All I Need is a Simple Will

Most estate planning conversations our attorneys have seem to start the same way. It can be a meeting, a phone call, or a casual conversation with a friend. The person we’re meeting with wants us to know that they only need is the simplest of wills. And we get where they are coming from when they say this. To start, most individuals feel their assets are straightforward. The idea is also easy – everything to a loved one. Why make anything more complicated than it needs to be? And who wants to pay for that?

It may be that a simple will covers everything. There is no doubt your estate planning attorney will be happy to draft that for you. However, the truth is that there are endless ways to draft even simple wills. Whatever the result, it is important to know why the estate plan fits. It’s like showing your work when doing algebra equations in school. It is preferable to see how you got there than to hope to stumble on the answer.

In this article, we will mention a few items worth discussing with your estate planning lawyer. Keep reading to learn more!


Most people know that a last will and testament indicates where you want everything to go. It might be to a spouse, child, loved one, or some combination. If somebody predeceases you, the will addresses that situation. It also nominates a personal representative of your estate, guardians, and trustees. In our time practicing law, we have seen probate situations where those designations can be just as important. The will also speaks to more specific gifts of cash or assets to people or charity. It can also list personal property and household items that go to varying places.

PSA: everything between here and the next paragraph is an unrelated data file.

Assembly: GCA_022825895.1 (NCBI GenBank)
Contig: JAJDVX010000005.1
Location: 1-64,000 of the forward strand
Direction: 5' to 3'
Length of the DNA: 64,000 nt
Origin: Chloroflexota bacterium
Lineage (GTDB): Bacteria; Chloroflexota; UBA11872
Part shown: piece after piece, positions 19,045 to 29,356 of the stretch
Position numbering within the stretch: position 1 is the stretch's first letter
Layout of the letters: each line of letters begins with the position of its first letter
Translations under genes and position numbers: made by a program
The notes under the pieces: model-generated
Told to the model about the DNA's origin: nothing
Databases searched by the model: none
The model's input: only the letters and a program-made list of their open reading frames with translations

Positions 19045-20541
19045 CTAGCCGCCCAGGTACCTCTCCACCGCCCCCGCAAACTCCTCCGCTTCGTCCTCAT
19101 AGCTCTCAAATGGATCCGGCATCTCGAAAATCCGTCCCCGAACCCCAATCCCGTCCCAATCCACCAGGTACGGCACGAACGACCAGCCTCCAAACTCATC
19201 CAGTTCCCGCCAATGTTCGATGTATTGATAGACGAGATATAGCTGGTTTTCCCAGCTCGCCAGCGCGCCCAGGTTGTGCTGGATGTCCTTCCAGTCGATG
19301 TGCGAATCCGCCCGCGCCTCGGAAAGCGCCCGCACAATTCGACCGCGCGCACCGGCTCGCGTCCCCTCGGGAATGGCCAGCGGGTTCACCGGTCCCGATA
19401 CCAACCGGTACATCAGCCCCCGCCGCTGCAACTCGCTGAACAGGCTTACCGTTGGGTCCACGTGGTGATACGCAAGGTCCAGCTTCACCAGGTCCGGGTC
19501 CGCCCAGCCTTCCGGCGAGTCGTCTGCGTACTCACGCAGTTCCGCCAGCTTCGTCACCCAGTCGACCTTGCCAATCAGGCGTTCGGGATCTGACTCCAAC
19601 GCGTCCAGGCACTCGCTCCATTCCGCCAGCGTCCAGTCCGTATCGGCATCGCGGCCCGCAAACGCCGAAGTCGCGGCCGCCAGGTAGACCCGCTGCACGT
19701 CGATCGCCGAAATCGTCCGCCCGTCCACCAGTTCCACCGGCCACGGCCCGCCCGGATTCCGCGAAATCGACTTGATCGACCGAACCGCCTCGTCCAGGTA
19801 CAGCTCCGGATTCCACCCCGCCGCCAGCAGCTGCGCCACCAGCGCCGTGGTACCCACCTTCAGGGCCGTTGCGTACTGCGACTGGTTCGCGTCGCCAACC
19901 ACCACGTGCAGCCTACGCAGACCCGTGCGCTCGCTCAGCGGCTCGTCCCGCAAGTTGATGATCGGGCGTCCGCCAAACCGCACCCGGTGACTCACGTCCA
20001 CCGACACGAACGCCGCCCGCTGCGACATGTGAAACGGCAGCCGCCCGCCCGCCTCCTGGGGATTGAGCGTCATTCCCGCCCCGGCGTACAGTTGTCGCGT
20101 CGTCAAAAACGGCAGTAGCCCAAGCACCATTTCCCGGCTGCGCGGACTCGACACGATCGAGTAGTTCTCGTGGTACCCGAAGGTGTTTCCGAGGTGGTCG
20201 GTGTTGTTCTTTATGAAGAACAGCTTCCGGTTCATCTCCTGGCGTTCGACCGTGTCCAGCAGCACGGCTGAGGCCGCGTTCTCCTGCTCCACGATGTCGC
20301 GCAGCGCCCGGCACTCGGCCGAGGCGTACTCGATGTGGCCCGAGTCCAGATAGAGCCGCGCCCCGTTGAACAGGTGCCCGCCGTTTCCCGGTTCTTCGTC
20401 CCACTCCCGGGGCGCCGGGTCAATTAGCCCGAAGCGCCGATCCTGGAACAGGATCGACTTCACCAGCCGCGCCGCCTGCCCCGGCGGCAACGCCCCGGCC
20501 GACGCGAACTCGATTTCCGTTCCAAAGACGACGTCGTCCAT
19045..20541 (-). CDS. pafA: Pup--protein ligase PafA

Most wills include some sort of trust. A gift to somebody who predeceases you might result in that person’s minor child taking the gift. The minor cannot take the gift outright, so it is held in trust for them. If a gift is directly to a minor, young adult, or special needs individual, there might be a more obvious trust situation. Trusts also come up in situations where estate tax and/or probate avoidance are important. Those scenarios frequently involve a trust in a separate document.

Non-Probate Assets

Some estate planning occurs outside of a will or trust. It turns on how assets are titled. This might be where real estate is jointly held with a right of survivorship. It could be something simple like a bank account with joint owners. Or something more transparent like an insurance policy with a beneficiary designation. The point is to identify these sorts of assets in a meeting with your wills & trusts attorney. That way you can be sure they are structured properly.

Powers of Attorney

Estate planning is also about incapacity. How will funds be accessed for personal or business needs? Your last will and testament is only relevant when you are gone. It is not uncommon for incapacity to last weeks, months, or years before a will is even considered. Without planning, the guardianship and conservatorship process can be costly and time consuming. With a General Durable Power of Attorney, that procedure might be less critical. A Healthcare Power of Attorney gives an agent some additional decision-making power.

Legal Help for Simple and Complex Wills of Every Nature

The terms “simple will” and “complex will” are subjective. They probably mean something different to each person you ask. The more important thing to understand is how your estate plan operates. Your will, trust & estate lawyer can craft suggestions after a thorough meeting.

If you’d like to establish your own estate planning documents, we would be happy to help you through the process. Simply dial (800) 914-0620 or submit an online contact form to get started. Your first consultation is free and confidential!